WWHV003651

Olds, D. L., Kitzman, H., Cole, R., Robinson, J., Sidora, K., Luckey, D. W., et al. (2004). Effects of nurse home-visiting on maternal life course and child development: Age 6 follow-up results of a randomized trial. Pediatrics, 114(6), 1550–1559

Citation Year
2004
Rating
Used in Implementation Reports
On
Study Participants

The sample included pregnant, first-time mothers who were less than 29 weeks pregnant. Women were recruited through an obstetrical clinic if they had no previous live births, no chronic illnesses linked to fetal growth retardation or preterm delivery, and at least two of the following sociodemographic characteristics: unmarried, less than 12 years of education, and unemployed. Between June 1990 and August 1991, 1,290 women were invited to participate and 1,139 consented and were randomly assigned. At enrollment, 92 percent of the women enrolled were African American, 98 percent were unmarried, and 64 percent were age 18 or younger. This study measured the sample when the children were 6 years old. The study sample included 641 women, 197 in the program group and 444 in the comparison group.

Setting

Memphis, Tennessee

Home Visiting Services

The study included two treatment groups. The first treatment group received home visits from a nurse during pregnancy and two postpartum visits (one in the hospital prior to discharge and one in the home). The treatment group also received the screening and transportation services described below for the comparison groups. The second treatment group received the same services as the first treatment group, but the home visiting continued until the child was 2 years old. On average, the nurses completed 7 home visits during pregnancy and 26 home visits postpartum. Nurses used a detailed protocol for each visit, which focused on health-related behaviors, parenting, education, and employment. The two treatment groups were combined for the prenatal analysis. Only the second treatment group was followed for postnatal outcomes.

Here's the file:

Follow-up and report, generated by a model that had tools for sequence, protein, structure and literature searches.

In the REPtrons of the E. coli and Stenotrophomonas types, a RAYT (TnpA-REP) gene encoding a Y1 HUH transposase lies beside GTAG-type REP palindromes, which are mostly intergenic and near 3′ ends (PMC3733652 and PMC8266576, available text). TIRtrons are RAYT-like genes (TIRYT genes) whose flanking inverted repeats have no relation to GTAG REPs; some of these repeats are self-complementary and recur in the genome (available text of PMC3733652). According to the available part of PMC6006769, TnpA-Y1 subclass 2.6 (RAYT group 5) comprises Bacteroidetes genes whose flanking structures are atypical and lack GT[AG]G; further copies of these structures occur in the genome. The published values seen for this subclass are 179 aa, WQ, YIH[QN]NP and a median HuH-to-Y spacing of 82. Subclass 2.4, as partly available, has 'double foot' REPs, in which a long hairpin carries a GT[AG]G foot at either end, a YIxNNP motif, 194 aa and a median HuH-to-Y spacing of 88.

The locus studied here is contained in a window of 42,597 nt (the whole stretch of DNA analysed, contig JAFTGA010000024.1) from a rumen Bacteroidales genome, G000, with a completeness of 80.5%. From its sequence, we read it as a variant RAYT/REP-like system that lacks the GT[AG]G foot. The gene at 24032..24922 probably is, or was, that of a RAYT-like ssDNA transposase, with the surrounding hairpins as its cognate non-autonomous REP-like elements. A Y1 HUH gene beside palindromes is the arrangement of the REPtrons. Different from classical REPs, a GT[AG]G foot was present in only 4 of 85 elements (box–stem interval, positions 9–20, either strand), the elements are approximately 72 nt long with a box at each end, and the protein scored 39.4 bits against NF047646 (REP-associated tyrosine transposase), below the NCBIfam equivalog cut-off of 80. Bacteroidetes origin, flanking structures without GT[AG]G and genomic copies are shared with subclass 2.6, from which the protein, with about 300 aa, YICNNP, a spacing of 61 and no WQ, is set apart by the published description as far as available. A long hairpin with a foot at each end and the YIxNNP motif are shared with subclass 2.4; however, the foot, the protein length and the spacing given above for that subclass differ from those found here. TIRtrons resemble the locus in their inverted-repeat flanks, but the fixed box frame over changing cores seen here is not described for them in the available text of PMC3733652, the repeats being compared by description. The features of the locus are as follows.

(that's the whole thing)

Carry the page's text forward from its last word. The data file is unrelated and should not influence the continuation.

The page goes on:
Comparison Conditions

The study included two comparison groups. The first comparison group received taxicab transportation for prenatal care appointments. The second comparison group received the transportation plus developmental screening and referral to services when the children were 6, 12, and 24 months old. The two comparison groups were combined for the prenatal analysis. Only the second group was followed for postnatal outcomes.

Staff Characteristics and Training

All home visitors were nurses. No other information on training is provided.

Author Affiliation

David L. Olds, a study author, is a developer of this model.

Funding Sources

The Administration for Children and Families, Department of Health and Human Services (grant 90PD0215/01); the Hearst Foundation; the Robert Wood Johnson Foundation (grant 027901); and a Senior Research Scientist Award (1-K05-MH01382-01) to D.L.O.

Sample
Memphis, Tennessee Sample
Attrition
Low
Reassignment
None
Citation short
Olds, D. L., Kitzman, H., Cole, R., Robinson, J., Sidora, K., Luckey, D. W., et al. (2004)
Confounding Factors
None
Baseline Equivalence
Difference in SES, but controlled in analysis.
Disposition
Not applicable
Screening Decision
Passes screens
Design Detail
Randomized controlled trial
General Effects Notes
Results with nurse home visitors.
General Outcome Notes
Outcomes with nurse home visitors.